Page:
People’s experiences of taking antidepressants


The efficacy of antidepressants has been called into question in recent years, and yet their use in the West continues to increase. Doctors prescribe antidepressants with ease and regularity, knowing that alternatives (such as psychotherapy and cognitive behaviour therapy or CBT) are thin on the ground.

We talk about medicalising distress: making an illness out of negative social and personal life experiences, and yet we still do not have good ways of dealing with these experiences that obviate the use of medication.


Quite simply, this new open access paper (Gibson et al, 2016) is based on the qualitative (content and thematic) analysis of responses to a single open question in an anonymous online survey. The question asked participants to complete the phrase:

In my life antidepressants have been…

There must have been additional questions regarding demographic characteristics as the paper reports on the profile of the participants as well. The survey was live for nearly a year and was answered by 1,829 people aged over 18 across New Zealand.


The profile of the respondents showed them to have above average education, to be younger than average and predominantly female (77%). It is not clear how well this profile fits that of people in New Zealand who are prescribed antidepressants.

In summary:

  • 54% of the participants reported positive experiences of antidepressants
  • 28% reported mixed experiences
  • 16% reported negative experiences.

Within these broad headings, several themes emerged.

Positive experiences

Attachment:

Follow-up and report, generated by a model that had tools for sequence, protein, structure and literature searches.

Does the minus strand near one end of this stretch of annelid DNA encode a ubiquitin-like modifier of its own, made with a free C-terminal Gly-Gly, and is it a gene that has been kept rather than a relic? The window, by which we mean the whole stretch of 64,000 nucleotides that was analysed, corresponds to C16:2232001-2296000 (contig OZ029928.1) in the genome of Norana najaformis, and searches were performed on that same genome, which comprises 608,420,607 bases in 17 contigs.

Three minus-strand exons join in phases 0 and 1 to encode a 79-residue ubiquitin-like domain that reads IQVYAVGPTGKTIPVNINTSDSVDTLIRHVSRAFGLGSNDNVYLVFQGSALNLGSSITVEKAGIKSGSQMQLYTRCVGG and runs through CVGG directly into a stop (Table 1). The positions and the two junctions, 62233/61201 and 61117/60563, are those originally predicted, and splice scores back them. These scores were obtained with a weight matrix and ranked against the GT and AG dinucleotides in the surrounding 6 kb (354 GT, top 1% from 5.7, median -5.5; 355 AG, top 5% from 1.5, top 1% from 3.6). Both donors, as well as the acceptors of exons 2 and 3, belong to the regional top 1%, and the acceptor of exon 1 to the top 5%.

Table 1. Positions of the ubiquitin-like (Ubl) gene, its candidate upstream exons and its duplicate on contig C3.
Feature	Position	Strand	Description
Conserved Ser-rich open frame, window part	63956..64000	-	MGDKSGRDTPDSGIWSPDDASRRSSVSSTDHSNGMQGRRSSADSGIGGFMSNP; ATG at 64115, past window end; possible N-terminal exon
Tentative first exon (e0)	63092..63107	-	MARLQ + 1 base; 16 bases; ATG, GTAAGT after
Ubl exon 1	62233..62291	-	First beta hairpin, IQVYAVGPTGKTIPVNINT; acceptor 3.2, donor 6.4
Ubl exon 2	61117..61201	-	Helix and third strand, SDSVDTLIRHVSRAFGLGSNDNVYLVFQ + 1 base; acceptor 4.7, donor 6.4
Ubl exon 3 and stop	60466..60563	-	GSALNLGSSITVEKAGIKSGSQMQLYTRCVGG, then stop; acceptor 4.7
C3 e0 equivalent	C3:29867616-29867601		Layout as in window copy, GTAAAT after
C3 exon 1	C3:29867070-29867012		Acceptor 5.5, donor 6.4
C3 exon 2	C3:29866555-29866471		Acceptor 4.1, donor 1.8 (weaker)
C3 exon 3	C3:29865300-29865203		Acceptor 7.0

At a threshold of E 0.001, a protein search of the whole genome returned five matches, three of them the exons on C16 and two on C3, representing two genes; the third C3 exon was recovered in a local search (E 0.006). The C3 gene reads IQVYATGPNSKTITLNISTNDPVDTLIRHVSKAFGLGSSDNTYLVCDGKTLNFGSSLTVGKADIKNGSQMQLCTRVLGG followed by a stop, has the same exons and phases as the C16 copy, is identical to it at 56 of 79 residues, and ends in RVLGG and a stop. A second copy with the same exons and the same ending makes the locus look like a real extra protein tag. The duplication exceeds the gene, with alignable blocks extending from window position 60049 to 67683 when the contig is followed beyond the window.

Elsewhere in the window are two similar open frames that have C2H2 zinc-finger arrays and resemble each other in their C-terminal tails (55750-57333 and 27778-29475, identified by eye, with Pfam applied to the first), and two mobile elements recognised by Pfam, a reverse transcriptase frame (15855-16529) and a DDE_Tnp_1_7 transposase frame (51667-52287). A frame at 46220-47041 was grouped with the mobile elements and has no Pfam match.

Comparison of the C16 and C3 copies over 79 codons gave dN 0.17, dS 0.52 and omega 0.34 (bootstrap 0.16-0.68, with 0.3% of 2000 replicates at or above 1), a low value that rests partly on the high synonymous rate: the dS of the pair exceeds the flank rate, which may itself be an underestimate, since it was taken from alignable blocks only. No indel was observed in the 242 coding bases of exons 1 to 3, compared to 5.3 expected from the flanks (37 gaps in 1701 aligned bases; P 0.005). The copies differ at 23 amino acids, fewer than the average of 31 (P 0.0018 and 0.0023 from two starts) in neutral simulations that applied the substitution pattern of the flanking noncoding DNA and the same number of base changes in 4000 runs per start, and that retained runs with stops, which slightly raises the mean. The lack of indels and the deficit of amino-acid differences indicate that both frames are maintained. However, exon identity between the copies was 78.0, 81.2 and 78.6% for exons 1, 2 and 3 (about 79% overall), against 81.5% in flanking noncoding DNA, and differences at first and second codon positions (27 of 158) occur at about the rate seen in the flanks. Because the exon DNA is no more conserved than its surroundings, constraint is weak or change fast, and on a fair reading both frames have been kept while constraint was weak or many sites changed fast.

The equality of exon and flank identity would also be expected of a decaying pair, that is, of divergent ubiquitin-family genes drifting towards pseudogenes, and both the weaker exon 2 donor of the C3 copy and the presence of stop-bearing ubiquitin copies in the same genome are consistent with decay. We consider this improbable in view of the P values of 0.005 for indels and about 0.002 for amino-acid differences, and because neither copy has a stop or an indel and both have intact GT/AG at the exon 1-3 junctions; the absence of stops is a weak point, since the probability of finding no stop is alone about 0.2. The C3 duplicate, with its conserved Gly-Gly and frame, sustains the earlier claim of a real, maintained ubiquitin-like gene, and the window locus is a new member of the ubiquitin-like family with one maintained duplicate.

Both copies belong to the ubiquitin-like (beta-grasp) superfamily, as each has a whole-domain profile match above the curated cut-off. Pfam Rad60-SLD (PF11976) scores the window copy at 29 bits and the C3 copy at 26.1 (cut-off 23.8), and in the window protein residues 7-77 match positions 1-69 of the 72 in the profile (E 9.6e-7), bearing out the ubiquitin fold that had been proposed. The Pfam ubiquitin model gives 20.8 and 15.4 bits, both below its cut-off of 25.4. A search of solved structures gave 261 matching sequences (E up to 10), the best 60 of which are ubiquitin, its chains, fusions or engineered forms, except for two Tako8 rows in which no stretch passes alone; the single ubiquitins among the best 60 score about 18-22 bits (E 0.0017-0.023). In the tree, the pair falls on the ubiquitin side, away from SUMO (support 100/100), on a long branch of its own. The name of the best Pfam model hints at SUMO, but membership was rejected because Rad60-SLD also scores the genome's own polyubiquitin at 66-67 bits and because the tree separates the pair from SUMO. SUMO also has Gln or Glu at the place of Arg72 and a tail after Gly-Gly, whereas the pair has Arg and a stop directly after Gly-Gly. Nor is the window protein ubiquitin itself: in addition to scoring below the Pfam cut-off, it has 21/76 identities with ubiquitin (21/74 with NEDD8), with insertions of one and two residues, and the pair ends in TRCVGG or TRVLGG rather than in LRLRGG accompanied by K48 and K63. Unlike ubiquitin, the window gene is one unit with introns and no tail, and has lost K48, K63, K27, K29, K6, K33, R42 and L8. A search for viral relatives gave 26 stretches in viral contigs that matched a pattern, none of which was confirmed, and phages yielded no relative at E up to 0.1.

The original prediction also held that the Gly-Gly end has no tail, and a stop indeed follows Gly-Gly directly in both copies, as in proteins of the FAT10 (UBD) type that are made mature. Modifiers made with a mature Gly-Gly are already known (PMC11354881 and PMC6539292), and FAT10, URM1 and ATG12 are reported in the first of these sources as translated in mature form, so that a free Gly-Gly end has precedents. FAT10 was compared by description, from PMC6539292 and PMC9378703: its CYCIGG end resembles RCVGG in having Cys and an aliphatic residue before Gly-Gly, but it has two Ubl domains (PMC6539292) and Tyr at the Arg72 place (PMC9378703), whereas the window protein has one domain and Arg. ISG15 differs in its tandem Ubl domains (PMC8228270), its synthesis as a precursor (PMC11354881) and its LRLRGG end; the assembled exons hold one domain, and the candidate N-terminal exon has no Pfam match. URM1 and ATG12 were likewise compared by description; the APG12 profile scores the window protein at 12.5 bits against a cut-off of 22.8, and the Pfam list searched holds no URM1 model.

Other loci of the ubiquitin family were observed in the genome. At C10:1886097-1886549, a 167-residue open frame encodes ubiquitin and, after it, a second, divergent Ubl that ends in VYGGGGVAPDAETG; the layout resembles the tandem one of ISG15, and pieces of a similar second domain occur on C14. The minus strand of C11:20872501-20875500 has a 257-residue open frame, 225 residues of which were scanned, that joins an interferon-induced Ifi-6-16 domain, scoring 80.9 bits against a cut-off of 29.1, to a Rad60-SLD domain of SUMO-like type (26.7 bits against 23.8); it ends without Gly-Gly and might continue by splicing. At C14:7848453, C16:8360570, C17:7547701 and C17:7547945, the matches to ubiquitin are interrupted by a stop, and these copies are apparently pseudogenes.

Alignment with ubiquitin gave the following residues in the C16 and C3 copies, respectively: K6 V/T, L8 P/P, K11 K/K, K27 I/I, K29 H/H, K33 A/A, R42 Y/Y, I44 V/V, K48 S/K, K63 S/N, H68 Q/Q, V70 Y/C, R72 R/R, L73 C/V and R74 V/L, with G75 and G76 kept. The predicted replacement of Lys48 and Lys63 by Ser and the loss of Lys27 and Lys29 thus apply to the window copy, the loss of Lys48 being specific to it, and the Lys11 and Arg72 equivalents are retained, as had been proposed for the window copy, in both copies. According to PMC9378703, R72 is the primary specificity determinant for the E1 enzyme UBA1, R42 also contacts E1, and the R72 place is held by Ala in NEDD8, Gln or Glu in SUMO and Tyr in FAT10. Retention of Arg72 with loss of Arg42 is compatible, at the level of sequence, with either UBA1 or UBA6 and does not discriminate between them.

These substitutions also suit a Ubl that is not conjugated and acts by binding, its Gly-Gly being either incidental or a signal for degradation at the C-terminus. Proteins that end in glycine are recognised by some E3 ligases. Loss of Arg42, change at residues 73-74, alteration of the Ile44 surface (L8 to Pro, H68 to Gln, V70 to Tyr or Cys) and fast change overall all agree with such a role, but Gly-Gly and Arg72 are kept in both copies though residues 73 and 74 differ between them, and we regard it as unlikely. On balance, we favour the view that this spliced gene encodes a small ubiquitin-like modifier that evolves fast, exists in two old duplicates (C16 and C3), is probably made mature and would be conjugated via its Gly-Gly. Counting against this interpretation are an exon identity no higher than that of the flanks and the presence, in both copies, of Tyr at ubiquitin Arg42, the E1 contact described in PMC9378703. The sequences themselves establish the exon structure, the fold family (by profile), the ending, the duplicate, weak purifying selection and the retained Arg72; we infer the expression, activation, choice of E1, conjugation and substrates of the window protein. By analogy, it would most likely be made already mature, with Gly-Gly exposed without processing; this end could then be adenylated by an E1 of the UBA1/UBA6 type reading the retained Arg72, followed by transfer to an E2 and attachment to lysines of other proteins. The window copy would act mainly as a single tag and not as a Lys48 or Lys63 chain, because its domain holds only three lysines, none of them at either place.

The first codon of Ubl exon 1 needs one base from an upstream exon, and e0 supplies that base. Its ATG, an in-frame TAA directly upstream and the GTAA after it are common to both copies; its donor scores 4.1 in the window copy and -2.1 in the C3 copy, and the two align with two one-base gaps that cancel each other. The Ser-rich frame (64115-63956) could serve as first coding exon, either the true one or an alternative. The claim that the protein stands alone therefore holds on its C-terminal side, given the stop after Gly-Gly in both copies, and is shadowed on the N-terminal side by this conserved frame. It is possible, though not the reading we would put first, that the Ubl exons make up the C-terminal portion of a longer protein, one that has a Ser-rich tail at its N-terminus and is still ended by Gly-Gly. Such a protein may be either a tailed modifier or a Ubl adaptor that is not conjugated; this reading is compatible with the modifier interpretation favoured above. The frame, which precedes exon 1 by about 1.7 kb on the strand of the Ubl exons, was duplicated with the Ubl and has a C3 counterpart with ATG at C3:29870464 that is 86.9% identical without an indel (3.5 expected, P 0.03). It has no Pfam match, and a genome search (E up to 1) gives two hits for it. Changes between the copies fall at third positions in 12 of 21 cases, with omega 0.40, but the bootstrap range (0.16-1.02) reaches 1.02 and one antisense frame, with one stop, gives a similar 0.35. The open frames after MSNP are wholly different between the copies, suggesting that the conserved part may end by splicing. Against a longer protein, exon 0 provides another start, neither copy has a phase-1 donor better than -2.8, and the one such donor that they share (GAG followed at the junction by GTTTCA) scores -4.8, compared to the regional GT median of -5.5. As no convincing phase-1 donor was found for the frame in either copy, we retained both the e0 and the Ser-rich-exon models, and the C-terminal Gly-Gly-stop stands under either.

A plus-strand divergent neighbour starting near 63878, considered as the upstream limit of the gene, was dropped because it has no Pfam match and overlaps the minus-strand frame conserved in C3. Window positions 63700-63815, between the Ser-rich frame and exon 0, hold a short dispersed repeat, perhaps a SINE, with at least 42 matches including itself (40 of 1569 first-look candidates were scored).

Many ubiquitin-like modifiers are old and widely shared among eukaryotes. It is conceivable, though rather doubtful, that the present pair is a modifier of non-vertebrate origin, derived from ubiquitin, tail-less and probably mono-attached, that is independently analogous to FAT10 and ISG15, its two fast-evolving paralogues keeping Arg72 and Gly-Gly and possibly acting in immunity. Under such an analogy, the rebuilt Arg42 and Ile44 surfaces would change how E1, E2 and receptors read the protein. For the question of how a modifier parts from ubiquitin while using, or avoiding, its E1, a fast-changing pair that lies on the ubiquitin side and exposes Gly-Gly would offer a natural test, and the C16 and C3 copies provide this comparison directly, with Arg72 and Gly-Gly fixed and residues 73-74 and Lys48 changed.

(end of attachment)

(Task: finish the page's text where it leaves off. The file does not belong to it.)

Within this group, participants described antidepressants in four main ways:

  • Some described them as a necessary treatment for an underlying illness, with a clear belief in the biomedical model for understanding depression
  • For others, antidepressants acted to enable them to function or to carry out their normal duties
  • Some regarded the drug as a temporary means of dealing with stressful events, including interpersonal or social problems
  • Finally, some invested significantly more emotion in antidepressants describing them, for example, as a ‘life-saver’.

Negative experiences

Interestingly, the negative (and the mixed) experiences appear more nuanced:

  • Some people in this group simply found antidepressants to be ineffective
  • Others found the side effects to be too unpleasant to continue with the drug
  • For some people, the numbing of emotions impacted on their lives in problematic ways (e.g. feeling ‘like a zombie’)
  • Another group of people described antidepressants as a kind of ‘fake fix’, covering up or leading them to tolerate circumstances that they subsequently felt should have been addressed directly
  • Finally, some people experienced the drug as a sign that they were not coping; it was as if it undermined the control they had over their lives.

Mixed experiences

  • In the mixed group there were many people who described weighing up the benefits of taking antidepressants with the unpleasant side-effects, as a ‘necessary evil’
  • Central among the side-effects discussed were sexual dysfunction and weight gain. Some had stopped taking the drug as a result, whilst others resigned themselves to living with the side-effects
  • Some people similarly described antidepressants as having benefits but making them feel unlike themselves
  • Another theme was dependency, and the difficulty that some people were having in coming off the drug, with little follow-up advice or information about this
  • Finally, some people talked of the struggle to find an antidepressant that worked, or that did not cause significant side-effects.
There was considerable diversity in participants’ responses to the survey question.

There was considerable diversity in participants’ responses to the survey question.


The authors conclude that their findings demonstrate the inadequacy of the question ‘Do antidepressants work?’, providing us with greater understanding of the meanings people ascribe to taking them.

They highlight the need for professionals to enter into a dialogue with patients to explore the meaning that antidepressants hold in their lives, and to not mislead them into thinking there is a ‘known chemical aetiology’ in depression. This in itself is an interesting conclusion, since it seems that it is those people who believe in this chemical aetiology who have the most positive experiences of antidepressants.

Strengths and limitations